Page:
SUNDAY’S READINGS | October 30, 2022
Zacchaeus “was trying to see who Jesus was, but on account of the crowd he could not, because he was short in stature” (Luke 19:3). Seeing the crowd but not seeing over it, Zacchaeus devised another way. “He ran ahead and climbed a sycamore tree to see him” (Luke 19:4). The “crowd” is what prevents access to Jesus, and “effort” the means of pressing through it, a point underscored by other well-known gospel stories.
“Then some people came, bringing to him a paralyzed man, carried by four of them. And when they could not bring them to Jesus because of the crowd, they removed the roof above him; and after having dug through it, they let down the mat on which the paralytic lay. When Jesus saw their faith, he said to the paralytic, ‘Son, your sins are forgiven. … I say to you, stand up, take your mat and go to your home’” (Mark 2:3-5, 11).
“Now there was a woman who had suffered from hemorrhages for twelve years. She had endured much under many physicians, and had spent all that she had; and she was no better, but rather grew worse. She had heard about Jesus, and came up behind him in the crowd and touched his cloak, for she said, ‘If I but touch his clothes, I will be made well’” (Mark 5:25-28).
Salvation is free but not free of effort. We do our part. We press on to the upward call of God in Christ. We fight the good fight. We endure. We ask, seek, and knock. We push our way to Jesus, though it is always Jesus himself, by a grace that precedes and follows us, calling us forward. He says, “Let the little children come to me, and do not stop them; for it is to such as these that the kingdom of heaven belongs” (Matt. 19:14). We are those children, Zacchaeus, the woman with an issue of blood, the friends, and the paralytic. We are the ones who have found our way to Jesus through our effort or the effort of others, although, as must be said again, this effort is a grace of God.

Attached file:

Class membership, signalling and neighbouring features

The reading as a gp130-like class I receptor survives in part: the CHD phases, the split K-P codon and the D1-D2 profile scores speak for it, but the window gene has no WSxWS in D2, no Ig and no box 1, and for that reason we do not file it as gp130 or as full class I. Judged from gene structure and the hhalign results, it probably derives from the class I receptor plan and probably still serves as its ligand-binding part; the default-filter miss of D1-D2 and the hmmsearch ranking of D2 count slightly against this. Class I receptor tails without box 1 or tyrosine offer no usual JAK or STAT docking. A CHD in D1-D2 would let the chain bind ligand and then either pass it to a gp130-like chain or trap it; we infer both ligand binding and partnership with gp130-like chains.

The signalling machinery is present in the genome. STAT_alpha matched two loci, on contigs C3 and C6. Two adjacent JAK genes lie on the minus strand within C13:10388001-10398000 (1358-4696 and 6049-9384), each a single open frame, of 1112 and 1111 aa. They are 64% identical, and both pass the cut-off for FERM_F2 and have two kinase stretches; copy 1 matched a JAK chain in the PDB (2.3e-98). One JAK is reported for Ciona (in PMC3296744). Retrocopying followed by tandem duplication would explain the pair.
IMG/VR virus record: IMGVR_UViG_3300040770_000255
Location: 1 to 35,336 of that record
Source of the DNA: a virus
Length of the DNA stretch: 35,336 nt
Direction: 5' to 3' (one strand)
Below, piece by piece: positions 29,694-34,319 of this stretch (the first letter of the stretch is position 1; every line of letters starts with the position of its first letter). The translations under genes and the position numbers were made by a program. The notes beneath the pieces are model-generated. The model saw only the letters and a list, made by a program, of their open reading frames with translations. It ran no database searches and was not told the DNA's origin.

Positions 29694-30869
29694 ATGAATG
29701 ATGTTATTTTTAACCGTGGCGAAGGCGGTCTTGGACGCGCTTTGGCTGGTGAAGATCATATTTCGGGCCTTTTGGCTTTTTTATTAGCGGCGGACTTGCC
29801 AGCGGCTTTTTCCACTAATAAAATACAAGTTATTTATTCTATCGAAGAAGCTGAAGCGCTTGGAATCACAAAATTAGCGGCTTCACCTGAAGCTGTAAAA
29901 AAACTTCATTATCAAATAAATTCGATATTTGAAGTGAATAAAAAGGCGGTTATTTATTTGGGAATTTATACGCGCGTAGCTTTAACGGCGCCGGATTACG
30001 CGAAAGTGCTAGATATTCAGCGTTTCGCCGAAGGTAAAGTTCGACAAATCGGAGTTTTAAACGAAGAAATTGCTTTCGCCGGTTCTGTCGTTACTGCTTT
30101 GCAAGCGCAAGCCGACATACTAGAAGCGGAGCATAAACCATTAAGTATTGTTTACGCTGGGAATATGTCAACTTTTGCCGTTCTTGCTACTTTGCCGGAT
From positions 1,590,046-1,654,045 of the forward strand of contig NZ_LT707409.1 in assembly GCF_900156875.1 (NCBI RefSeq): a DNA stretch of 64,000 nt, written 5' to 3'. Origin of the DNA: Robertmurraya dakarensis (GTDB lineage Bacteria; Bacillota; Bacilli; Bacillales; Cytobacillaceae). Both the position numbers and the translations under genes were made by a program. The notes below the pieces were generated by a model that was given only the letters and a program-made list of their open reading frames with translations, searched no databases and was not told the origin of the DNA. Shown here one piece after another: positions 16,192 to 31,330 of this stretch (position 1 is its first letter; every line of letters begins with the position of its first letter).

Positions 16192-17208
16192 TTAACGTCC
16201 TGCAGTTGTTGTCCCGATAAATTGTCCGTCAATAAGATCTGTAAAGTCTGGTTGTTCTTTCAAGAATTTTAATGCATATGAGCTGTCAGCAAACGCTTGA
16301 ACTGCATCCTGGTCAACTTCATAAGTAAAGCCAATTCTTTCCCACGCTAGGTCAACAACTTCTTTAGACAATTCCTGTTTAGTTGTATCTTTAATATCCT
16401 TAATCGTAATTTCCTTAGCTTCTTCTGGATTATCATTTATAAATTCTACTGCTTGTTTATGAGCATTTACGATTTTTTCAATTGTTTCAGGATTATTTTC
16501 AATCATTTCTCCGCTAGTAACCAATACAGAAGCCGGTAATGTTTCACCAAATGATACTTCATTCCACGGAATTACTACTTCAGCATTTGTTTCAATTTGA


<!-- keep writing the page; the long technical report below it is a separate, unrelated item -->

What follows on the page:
There is also an inner crowd that may impede us. There are myriad voices in our minds and souls, telling us we are not worthy. In a sense, they are right. Zacchaeus is a tax collector, a virtual traitor to his people. He has defrauded many and so become rich. If he has robbed the oppressed, the orphan, and the widow, his “hands are full of blood” (Isa. 1:17, 15). Contemplating the cross of Christ, we see what we human beings have done (and are doing) with our own hands. A thousand inward voices speak: “My name is Legion, for we are many” (Mark 5:9). We are tormented by sin and guilt. The burden of them is intolerable.
Our lives change when we meet, in Jesus Christ, the gift of forgiveness and healing. Sometimes we hear words of absolution; sometimes we don’t, but sense them in what Jesus does. “When Jesus came to the place, he looked up and said to him, ‘Zacchaeus, hurry and come down; for I must stay at your house today’” (Luke 19:5). Jesus will go to the home of a sinful man! Indeed, we sinners are his home.
Let nothing stop you. A crowd without and a legion within cannot keep you from Jesus. Push yourself and know that he is calling you. “Happy are they whose transgressions are forgiven, whose sin is covered” (Ps. 32:1)!
Look It Up: Isaiah 1:16-17
Think About It: This is a prescription for new life.